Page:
My last blog article was about how important physical fitness is for motorcycle riders with regard to safety and enjoyment when riding their cycles.
This week I want to provide some motorcycle rider workout information that is useful for keeping in shape for riding.
I’m not a professional trainer, and as such will not be explaining individual techniques in detail. I encourage you to either explore the internet to find detailed information or consult a personal trainer.
If you have questions about whether you are healthy enough to perform these exercises at your current fitness level, please consult your physician before starting. It is very important that you start easy and don’t over do it.
Starting slow will allow your muscles to get used to routines and avoid excessive muscle soreness.
These are just a few suggestions. You will want to avoid stagnation by adding and subtracting exercises routinely. You wouldn’t do the same ride every time; you return to your favorites again and again, but add new rides for variety. Do the same with your workouts.
It is also very good for your muscles to mix in different angles and intensity. Keep your goal of working into riding shape in mind and pretty soon you will be saying to yourself “that would help me with…”
Some people will enjoy working out alone, you can also get a DVD with routines you can do in the privacy of your home. Others may want to join a gym to have some company. I prefer the gym route. For me working out alone just doesn’t cut it.
Increase Your Endurance
Cardio fitness is determined by how well you can workout for extended periods. So in order to build this aspect, you will want to choose routines that will increase your heart rate (the engine of your cardiovascular system).
Remember, start slow. You should always be at a level where you could carry on a conversation. That test will tell you if you are overdoing it. If your heart is racing so fast you have trouble speaking, slow down or rest for while until you can.
For you scientific people, you can use your actual heart rate as a test. Calculate your pulse rate target by subtracting your age from 220, which is your theoretical maximum heart rate (it varies by person, and by increased fitness over time). This tells you beats per minute (bpm).
Measure with a watch and your finger on a pulse point on your neck or wrist. Count how many heart beats in a minute’s time.
You will use your maximum heart rate to get a range you wish to exercise within. Take the BPM and multiply by .65, .75, and .85. These will become your starting rate targets. Aim for between 65% and 75% rate to start a program. So a 40 year old would have 117 bpm and 135 bpm for a target range. Once you reach this range, slow as needed to maintain it for a chosen length of time.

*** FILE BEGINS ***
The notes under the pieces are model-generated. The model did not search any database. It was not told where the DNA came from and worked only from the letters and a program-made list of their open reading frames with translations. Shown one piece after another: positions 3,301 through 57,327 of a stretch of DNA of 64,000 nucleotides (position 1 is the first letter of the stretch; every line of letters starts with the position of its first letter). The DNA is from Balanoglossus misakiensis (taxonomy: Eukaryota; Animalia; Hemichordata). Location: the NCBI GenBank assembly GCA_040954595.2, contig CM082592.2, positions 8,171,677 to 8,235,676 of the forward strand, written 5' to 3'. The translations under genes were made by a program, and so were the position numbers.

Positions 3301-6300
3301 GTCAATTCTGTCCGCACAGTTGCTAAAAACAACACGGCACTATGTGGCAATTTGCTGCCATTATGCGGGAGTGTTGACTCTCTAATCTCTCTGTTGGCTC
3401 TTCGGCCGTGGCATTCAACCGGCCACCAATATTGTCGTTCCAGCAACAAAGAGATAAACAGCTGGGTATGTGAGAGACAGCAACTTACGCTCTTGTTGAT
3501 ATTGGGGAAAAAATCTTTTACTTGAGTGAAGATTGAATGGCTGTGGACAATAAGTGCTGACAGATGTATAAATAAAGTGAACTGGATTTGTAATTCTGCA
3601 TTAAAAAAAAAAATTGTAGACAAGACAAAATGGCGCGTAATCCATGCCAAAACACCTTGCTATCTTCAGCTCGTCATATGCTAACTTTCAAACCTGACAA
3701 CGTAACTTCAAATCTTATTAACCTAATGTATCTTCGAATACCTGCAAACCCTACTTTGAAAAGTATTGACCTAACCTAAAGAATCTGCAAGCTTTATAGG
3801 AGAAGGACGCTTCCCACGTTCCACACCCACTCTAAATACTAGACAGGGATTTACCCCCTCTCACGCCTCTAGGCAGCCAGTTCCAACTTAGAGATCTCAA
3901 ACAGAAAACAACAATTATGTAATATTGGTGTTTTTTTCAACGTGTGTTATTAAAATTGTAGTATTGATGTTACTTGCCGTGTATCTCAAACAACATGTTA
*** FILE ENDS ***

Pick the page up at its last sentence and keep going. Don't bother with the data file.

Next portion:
Maybe the first time you sustain it for 10 minutes, and increase it by a few minutes each time you workout.
Some great cardio workouts are bicycling, walking or running, jump rope, rowing, or simple jumping jacks, just to name a few.
Build Your Strength
When riding a motorcycle the primary areas you want to strengthen are your stomach, forearms and thighs (particularly the inner thigh). However, in addition to these areas your center of gravity, known as your “core”, needs to be strong.
It is your core that allows you to balance on the bike – your abdominal muscles, lumbar (lower back), and chest and shoulders are primary.
Weight training is a classic way to build strength. Be sure to start with moderate weight and do two to three sets of the same exercise, with repetition of the same movement 10 to 15 times.
Slow steady movements focused on good form are the key to getting maximum benefit from lifting weights. No herky-jerky movements. If you have to jerk a weight to lift it, it is too heavy for your workout.
If you are “feeling” anything, it is working. When you don’t feel it any longer, increase weight.
Breathing is important. Try exhaling upon lifting and inhaling upon setting the weight down. Do not hold your breath.
You can join a gym where you can use their free-weights, or most have specific machines made to maximize the benefits of a particular exercise. Gyms also have a variety of benches that make it easier to get results comfortably and safely.
Don’t feel like investing in weight lifting? You can build strength with push ups, crunches, squats without weights, lunges, chin ups, and so on.
Never Try To “Push Through It”
A very important mantra when working out is “if it hurts don’t do it”. Pain is a sign that something is wrong. Maybe your technique is off, or maybe you injured a muscle. Consult a professional for technique tips, or a doctor for an injury.
I hope you find success with whatever routine you choose. Let me know how it is going!
If you have any questions about motorcycle accidents in Pennsylvania, please don’t hesitate to take advantage of the no-fee consultation with Pennsylvania motorcycle accident lawyer Lee D. Gaber. Just call 888-292-5352 (888-Cycle-law) for your no obligation advice.